As Zimbabwe’s erstwhile political rivals and now comrades in government were signing a power-sharing deal in a luxury Harare hotel, many political activists and their families remain consumed by their grief. One opposition Movement for Democratic Change (MDC) official, who I met as he showed me the burned huts of party sympathisers during the worst days of the violence, feels there is a strong sense of betrayal over what MDC leader Morgan Tsvangirai did to become prime minister.

“I now know one thing – all my friends died for nothing. Betta, Solja, Tatenda, Gift – all of them died for nothing.

“The people who always talk about the heroic dead, like Mugabe, are very alive. Next time there is a war over voting or democracy, I want to be a hero but I want to stay alive.”

Others, however, accept that peace – and a share of power to help rebuild the country – come at a price.

Tineyi Munetsi, another MDC official who saw body after mutilated body, with marks of senseless torture all too evident, says the feeling on the ground is difficult to gauge.

“People are happy because they can now concentrate on surviving, rather than running away from political thugs.

“Times are so hard there was no other way but for the politicians to sit and work things out. Talk of trials may unravel the whole fragile peace.”

Seeking justice

This is the dilemma victims face – that at this particular juncture in the country’s history, Zimbabwe is not keen on looking in the rear-view mirror to the crimes of 20 years ago, or those of the recent past, because the peace may not hold.

As the deal was announced last week, Zimbabwe’s long-suffering civil society and the Human Rights Forum put out a statement of demands. These demands included:

“No amnesty for: (a) crimes against humanity, torture and other international crimes (b) rape and other sexual based crimes (c) corruption and other crimes of greed.

“No extinguishing of civil claims against the perpetrators or the state. No guarantee of job security for those found responsible for gross human rights violations and corruption.”

Of course there will be those who say such demands are being made by those who were not privy to the two-month talks that culminated in Monday’s fanfare.

Maybe when Mr Tsvanigirai talked about “painful compromises” he had a blanket amnesty for the bloody election violence in mind as one such painful compromise.

But he also said:

“Only through a public acknowledgement of past wrongs can we begin the process of national healing.”

Relatives of the victims of political violence may be forgiven for thinking that this means something in terms of their achieving closure to their loss and grief. But does it?

Amnesty worries

Edwin Sakala, from ZimRights, so long the custodians of human rights in the country, outlines the organisation’s fears over the deal:

“Yes we are very worried about issues of amnesty, should there be amnesty at all?” he asked.


He noted that Mr Mugabe’s Justice Minister Patrick Chinamasa appeared on ZBC (the state broadcaster) immediately after the signing ceremony and said all parties agreed that they share liability for violence around election time.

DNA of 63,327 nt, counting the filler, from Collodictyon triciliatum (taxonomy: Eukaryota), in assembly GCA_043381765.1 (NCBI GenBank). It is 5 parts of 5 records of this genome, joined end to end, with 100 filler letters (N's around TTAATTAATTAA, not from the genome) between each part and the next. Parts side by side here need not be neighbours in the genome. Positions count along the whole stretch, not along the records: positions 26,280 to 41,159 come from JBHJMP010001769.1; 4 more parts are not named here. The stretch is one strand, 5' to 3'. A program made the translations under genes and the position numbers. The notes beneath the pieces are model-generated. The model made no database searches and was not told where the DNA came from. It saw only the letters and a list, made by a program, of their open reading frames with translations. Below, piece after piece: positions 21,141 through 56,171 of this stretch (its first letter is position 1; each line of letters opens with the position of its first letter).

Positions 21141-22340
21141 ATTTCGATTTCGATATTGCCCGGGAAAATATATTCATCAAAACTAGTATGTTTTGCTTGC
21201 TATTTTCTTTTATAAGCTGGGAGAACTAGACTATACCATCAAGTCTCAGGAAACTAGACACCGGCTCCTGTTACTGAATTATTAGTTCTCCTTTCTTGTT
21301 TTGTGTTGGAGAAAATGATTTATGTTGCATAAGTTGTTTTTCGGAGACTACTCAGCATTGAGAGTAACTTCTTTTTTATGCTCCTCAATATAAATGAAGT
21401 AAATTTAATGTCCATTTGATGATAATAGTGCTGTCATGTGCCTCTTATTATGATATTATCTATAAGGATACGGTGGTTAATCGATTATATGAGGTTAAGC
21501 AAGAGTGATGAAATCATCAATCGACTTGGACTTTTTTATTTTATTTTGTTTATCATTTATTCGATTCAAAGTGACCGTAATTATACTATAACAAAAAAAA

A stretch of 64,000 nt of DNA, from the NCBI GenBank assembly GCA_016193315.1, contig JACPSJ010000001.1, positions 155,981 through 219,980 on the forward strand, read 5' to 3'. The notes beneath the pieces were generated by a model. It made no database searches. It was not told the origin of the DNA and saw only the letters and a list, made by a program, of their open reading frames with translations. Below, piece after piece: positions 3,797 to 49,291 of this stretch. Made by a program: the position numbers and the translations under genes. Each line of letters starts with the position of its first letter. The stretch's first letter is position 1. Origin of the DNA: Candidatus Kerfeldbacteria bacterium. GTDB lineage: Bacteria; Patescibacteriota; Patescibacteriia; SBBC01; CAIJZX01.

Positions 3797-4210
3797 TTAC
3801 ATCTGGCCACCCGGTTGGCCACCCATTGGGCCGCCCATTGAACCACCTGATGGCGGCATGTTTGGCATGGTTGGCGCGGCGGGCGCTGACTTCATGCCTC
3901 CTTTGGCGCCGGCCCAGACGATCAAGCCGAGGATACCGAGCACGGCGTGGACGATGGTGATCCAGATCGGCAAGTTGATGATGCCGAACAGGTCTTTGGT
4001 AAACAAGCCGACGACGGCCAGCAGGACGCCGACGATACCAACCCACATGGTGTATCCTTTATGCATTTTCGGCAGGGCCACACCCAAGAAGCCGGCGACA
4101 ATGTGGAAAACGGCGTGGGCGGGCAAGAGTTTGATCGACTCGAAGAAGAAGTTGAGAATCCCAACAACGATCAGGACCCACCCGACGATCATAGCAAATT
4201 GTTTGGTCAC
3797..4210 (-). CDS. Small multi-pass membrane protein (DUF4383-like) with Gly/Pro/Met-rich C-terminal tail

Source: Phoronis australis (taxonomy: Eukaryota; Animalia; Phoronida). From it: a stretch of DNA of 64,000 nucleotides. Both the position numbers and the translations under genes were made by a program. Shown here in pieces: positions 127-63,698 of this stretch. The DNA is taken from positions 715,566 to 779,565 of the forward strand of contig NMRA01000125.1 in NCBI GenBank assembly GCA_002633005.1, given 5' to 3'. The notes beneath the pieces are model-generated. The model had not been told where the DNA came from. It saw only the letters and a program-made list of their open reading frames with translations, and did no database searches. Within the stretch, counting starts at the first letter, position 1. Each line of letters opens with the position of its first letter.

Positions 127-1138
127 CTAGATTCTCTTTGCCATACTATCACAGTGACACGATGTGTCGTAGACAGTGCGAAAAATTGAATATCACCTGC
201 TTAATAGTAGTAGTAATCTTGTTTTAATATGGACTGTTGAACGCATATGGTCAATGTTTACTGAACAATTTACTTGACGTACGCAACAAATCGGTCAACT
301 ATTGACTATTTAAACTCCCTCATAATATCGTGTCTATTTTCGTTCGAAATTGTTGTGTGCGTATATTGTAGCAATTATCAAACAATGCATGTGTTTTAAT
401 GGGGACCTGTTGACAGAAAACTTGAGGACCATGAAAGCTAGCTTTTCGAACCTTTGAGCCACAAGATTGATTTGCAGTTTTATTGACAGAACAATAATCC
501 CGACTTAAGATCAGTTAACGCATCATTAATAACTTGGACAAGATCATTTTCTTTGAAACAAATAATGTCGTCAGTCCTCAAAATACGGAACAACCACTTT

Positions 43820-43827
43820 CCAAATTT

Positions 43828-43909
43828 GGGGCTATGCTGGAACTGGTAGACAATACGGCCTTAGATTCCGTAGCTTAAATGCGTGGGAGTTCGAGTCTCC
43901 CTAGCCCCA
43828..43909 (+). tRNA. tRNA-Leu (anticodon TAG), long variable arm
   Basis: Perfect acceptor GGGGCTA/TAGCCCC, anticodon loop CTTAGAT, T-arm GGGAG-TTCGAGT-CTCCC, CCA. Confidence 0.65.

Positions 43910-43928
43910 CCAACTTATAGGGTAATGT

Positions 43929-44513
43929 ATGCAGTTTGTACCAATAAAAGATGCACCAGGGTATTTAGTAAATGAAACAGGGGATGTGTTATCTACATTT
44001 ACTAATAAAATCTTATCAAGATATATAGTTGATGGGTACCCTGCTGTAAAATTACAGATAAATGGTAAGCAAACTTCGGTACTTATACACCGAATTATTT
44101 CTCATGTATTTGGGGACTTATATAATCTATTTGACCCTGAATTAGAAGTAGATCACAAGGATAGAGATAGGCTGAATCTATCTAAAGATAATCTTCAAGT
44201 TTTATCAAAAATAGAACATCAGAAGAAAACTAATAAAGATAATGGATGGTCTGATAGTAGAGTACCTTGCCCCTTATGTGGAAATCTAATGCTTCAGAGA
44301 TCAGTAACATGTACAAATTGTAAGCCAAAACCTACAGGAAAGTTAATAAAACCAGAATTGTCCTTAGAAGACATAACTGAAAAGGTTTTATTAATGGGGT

To make matters worse, President Mugabe even found time to tell his listeners in his Monday address that the opposition in Africa “want to be the ruling party, and will devise ways and means of getting there. Including violence…”

The audience of MPs, aid workers and diplomats responded with boos, forcing him to try to explain himself.

The facts and the bodies clearly point to his party and his shadowy generals as having had the lion’s share of the blood.


Mr Sakala says: “It is our belief that whoever committed crimes which include murder and rape should be arrested, sent to the courts and receive the appropriate punishment.”

And how far up would the punishments go? What about the issues of reparation?

The Human Rights Forum on Monday said there should be “comprehensive reparations for victims of human rights violations.

The group also wants “a credible and independent truth-seeking inquiry into the conflicts of the past, which holds perpetrators to account and which provides victims the opportunity to tell their stories with a view to promoting national healing.”

Mr Sakala believes it is right and proper that the issue of reparations be raised.

“Too many people, particularly the poor and the powerless, lost their homes and relatives to the violence. We are talking thousands. How can they move on?”

Mai Samantha of Sasa village, some 40km north of Harare, has had to move her whole family to the township of Budiriro in the capital over the last two months.

The men who burnt her hut were arrested in April but the following month, she no longer felt safe in her village and had to flee.

On the phone she is still bitter.

“I’m a poor person, it took me years to gather my property. I just want some way of recovering what I worked so hard for.”

I ask her if she cannot forgive and forget for the sake of the nation.

“Why should I? Did I burn anyone’s property? Did I kill anyone? All the time in this country, every election, people do these things and they never have to pay. It’s time it all stopped.”